Although we’ve yet to try out the all of the characters, or indeed see the whole range of special moves on offer, the fighting itself is fast-paced, visually dramatic and exciting. The DC Universe roster undoubtedly gives the series even more entertainment value. Knowing that you can jump into the purple-suit of The Joker and pull off moves, such as punching your opponent silly with a spring that has a boxing glove attached to it or lobbing a pocket-full of smiley-faced bombs at your opponent whilst you run around in a circle cackling to yourself, has wide appeal. We’ll have a more in-depth look at the moves in our review shortly, but suffice to say there are some funny and vicious fatalities, such as when Raiden electrocutes his opponent, who turns into skeleton in front of your eyes.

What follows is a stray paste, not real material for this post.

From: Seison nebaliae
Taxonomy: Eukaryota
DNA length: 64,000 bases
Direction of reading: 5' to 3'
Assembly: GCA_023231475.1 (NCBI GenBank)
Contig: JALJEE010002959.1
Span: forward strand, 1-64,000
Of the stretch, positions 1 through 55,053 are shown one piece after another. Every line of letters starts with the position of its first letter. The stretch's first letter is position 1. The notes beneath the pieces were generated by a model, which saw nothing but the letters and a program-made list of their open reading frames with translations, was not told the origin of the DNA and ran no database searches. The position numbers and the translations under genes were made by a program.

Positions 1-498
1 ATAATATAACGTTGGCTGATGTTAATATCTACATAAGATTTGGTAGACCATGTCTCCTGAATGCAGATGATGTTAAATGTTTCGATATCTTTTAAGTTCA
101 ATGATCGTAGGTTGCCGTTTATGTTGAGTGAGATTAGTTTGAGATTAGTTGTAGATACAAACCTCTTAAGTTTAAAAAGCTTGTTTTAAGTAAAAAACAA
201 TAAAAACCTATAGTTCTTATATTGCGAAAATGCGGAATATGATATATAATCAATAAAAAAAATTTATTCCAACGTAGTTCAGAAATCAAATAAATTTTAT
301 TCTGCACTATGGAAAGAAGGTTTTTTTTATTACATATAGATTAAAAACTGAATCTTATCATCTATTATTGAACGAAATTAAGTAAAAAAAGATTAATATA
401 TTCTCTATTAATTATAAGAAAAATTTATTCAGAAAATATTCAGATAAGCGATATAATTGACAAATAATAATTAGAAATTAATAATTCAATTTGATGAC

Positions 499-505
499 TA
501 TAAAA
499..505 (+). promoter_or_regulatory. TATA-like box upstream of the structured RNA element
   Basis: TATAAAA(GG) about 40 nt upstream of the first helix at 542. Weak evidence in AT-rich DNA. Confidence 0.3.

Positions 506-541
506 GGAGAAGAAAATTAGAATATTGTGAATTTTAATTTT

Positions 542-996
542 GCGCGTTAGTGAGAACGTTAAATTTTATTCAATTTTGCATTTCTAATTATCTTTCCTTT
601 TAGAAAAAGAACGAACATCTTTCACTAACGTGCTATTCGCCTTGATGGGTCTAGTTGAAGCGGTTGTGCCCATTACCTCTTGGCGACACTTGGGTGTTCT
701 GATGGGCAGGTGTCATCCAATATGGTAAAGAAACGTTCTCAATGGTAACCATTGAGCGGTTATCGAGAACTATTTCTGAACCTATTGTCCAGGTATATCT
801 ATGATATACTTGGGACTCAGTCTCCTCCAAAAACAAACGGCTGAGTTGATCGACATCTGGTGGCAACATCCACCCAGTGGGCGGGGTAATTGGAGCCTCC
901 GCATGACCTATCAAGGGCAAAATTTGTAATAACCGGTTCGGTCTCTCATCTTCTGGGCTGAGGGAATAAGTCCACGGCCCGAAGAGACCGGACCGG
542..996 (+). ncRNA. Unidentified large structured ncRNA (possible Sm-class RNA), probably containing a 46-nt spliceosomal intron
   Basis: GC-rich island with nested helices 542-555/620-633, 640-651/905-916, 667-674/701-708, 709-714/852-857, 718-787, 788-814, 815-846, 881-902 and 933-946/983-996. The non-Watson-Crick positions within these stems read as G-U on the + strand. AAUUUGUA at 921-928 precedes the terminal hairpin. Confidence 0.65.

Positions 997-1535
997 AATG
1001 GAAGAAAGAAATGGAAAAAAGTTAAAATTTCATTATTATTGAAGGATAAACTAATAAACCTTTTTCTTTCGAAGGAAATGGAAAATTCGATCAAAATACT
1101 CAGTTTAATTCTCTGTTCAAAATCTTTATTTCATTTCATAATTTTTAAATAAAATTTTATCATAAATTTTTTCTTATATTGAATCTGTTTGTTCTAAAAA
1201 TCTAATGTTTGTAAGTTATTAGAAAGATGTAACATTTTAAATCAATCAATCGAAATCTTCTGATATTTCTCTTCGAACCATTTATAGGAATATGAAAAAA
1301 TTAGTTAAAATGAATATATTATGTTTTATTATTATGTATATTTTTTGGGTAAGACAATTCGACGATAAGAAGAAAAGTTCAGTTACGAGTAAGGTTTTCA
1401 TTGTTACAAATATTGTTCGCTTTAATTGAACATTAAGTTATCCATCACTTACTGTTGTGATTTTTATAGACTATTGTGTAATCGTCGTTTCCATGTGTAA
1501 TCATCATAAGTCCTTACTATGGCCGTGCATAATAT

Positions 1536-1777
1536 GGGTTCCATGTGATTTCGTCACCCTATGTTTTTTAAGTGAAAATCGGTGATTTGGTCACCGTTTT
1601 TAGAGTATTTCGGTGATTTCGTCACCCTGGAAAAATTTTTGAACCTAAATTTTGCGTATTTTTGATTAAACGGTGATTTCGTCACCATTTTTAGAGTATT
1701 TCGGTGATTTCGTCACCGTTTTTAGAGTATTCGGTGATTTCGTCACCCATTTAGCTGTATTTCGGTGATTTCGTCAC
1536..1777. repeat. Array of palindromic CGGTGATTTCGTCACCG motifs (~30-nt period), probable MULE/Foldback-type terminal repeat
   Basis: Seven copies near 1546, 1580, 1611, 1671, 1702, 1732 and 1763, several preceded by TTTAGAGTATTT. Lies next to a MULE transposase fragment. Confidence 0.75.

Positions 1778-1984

In our exclusive interview with the Senior Producer, Hans Lo, he was spot on when he said that Mortal Kombat vs. DC Universe is shaping up to be a game that is “easy to learn, but tough to master.” The move lists are chock full of complicated maneuvers that require multiple button presses that should appeal to hardcore Mortal Kombat fans and those seeking a deeper experience, but it’s still accessible enough to mean that we could jump straight into a game and still have an exciting battle against our opponent without knowing how to pull of the pro moves.
Our hands-on time with Mortal Kombat vs. DC Universe has left us keen to play more. Whilst ‘Free Fall Kombat’ doesn’t exactly excite us and the list of game modes is, well, underwhelming to say the least, the actual fighting itself, coupled with some brilliant production, has left us keen to play more and eager to unravel the story of how these two worlds have collided.
We’ll have a full review on Mortal Kombat vs. DC Universe shortly.